Top-down deterministic automata and path-closed languages A tree language L is path-closed if: ∀c ∈ C(F ), c[f (t1 , t2 )] ∈ L ∧ c[f (t′1 , t′2 )] ∈ L ⇒ c[f (t1 , t′2 )] ∈ L. The reader should note that the definition only considers binary symbols, the definition can easily be extended to n-ary symbols. The class of languages that ↓-DFTA can recognize is the class of path-closed languages [Vir81]. Context-deterministic automata and homogeneous languages. Podelski and Nivat in [NP97] have defined l-r-deterministic top-down tree automata. In the present paper, let us call them top-down context-deterministic tree automata. Definition 5. A top-down context-deterministic tree automaton (↓-CFTA) A is a ↓-FTA such that for every context c ∈ C(F ), Qc is either the empty set or a singleton set. An homogeneous language is a tree language L satisfying: ∀c ∈ C(F ), c[f (t1 , t2 )] ∈ L ∧ c[f (t1 , t′2 )] ∈ L ∧ c[f (t′1 , t2 )] ⇒ c[f (t′1 , t′2 )] ∈ L. Again, the definition can easily be extended from the binary case to n-ary symbols. They have shown that the class of languages recognized by ↓-CFTA is the class of homogeneous languages.

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The hierarchy A ↓-DFTA is a ↓-CFTA. For ↓-CFTA and ↓-RFTA, we have the following result: Lemma 2. Any trimmed ↓-CFTA is a ↓-RFTA. Proof. Let A = (Q, F , I, ∆) be a trimmed ↓-CFTA recognizing a tree language L. As A is trimmed, all states are reachable, so for every q, there exists a c such that q ∈ Qc . Then, by definition of a ↓-CFTA, for every q, there exists a c such that {q} = Qc . Using Lemma 1, we have: ∀q ∈ Q, ∃c ∈ C(F ), Lq = c−1 L. stating that A is a ↓-RFTA.

⊓ ⊔

Therefore, if we denote by LC the class of tree languages recognized by a class of automata C, we obtain the following hierarchy: L↓−DF T A ⊆ L↓−CF T A ⊆ L↓−RF T A ⊆ L↓−F T A The hierarchy is strict – Let L = {f (a, b), f (b, a)}. L1 is homogeneous but not path-closed. Therefore L can be recognized by a ↓-CFTA, but can not be recognized by a ↓-DFTA. – The tree languages Ln in the proof of Proposition 1 are not recognized by ↓-CFTA. We can easily verify that Ln is not homogeneous. Indeed, if t is a term which has a path whose length is equal to n − 1, and t′ a term which does not have any path whose length is smaller than n, f (t, t), f (t, t′ ), f (t′ , t) belong to Ln , but f (t′ , t′ ) does not. And, we have already shown that Ln is recognized by a ↓-RFTA. – Let L′ = {f (a, b), f (a, c), f (b, a), f (b, c), f (c, a), f (c, b)}. L′ is a finite language, therefore it is a regular tree language which can be recognized by a ↓-FTA. L′ cannot be recognized by a ↓-RFTA. To prove that, let us consider A′ a ↓-FTA which recognizes L′ . The top-down residual languages of L′ are {a, b}, {a, c}, {b, c} and L′ . As A′ recognizes L′ , it recognizes f (a, b). This implies the existence of three states q1 , q2 , q3 and three rules q1 (f ) → f (q2 , q3 ), q2 (a) → a, and q3 (b) → b. If A′ was a ↓-RFTA, then q2 would accept a residual language. As q2 accepts a, it would accept either {a, b} or {a, c}. Similarly, q3 would accept either {a, b} or {b, c}. In these conditions, and thanks to the rule q1 (f ) → f (q2 , q3 ), A′ would recognize f (a, a), f (b, b) or f (c, c). So A′ cannot be a ↓-RFTA. Therefore, we obtain the following result: Theorem 3. L↓−DF T A ( L↓−CF T A ( L↓−RF T A ( L↓−F T A So top-down residual tree automata are strictly more expressive than contextdeterministic tree automata. But as far as we know, there is no straightforward characterization of the tree languages recognized by ↓-RFTA.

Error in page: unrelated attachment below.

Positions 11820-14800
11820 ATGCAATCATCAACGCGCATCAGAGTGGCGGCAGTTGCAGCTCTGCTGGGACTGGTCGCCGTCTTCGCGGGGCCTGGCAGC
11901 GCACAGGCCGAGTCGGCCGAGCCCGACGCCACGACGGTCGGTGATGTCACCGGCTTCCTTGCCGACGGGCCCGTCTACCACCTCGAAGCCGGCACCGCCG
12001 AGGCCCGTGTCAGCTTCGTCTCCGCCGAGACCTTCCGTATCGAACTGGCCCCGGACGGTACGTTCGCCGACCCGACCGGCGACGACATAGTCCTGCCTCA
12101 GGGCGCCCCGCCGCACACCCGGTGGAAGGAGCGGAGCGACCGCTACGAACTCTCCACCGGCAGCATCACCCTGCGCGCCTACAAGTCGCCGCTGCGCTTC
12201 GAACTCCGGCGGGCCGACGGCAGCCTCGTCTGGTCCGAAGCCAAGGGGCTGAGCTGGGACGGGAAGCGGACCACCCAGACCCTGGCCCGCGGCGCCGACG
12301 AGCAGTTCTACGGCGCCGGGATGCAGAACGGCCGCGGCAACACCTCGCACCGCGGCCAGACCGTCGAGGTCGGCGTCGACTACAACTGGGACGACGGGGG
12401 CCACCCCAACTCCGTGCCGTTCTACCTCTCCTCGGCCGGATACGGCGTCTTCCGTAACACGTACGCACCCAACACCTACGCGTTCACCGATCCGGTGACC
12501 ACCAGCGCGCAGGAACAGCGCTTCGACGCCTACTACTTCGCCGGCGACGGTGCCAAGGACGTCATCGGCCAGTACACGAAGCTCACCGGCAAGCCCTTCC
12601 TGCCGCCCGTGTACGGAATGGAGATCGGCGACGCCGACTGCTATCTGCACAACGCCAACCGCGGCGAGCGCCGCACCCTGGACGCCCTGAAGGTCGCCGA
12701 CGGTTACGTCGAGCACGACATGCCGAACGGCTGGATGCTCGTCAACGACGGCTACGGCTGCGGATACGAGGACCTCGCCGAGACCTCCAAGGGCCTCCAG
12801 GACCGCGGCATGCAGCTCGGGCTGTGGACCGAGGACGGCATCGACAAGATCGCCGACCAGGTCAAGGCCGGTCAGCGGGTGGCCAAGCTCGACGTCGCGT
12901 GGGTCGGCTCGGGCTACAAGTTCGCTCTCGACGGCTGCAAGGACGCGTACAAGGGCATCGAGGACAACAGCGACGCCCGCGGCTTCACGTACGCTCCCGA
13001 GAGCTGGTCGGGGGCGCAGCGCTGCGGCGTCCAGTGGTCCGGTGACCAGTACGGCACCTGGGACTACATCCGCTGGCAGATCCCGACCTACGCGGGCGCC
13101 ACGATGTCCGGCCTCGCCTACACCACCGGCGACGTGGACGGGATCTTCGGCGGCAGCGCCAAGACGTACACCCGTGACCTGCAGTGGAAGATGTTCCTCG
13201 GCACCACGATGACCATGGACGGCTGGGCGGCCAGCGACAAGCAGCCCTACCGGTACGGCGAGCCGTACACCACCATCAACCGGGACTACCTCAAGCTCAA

Residual Finite Tree Automata

4.3

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The canonical form of top-down residual tree automata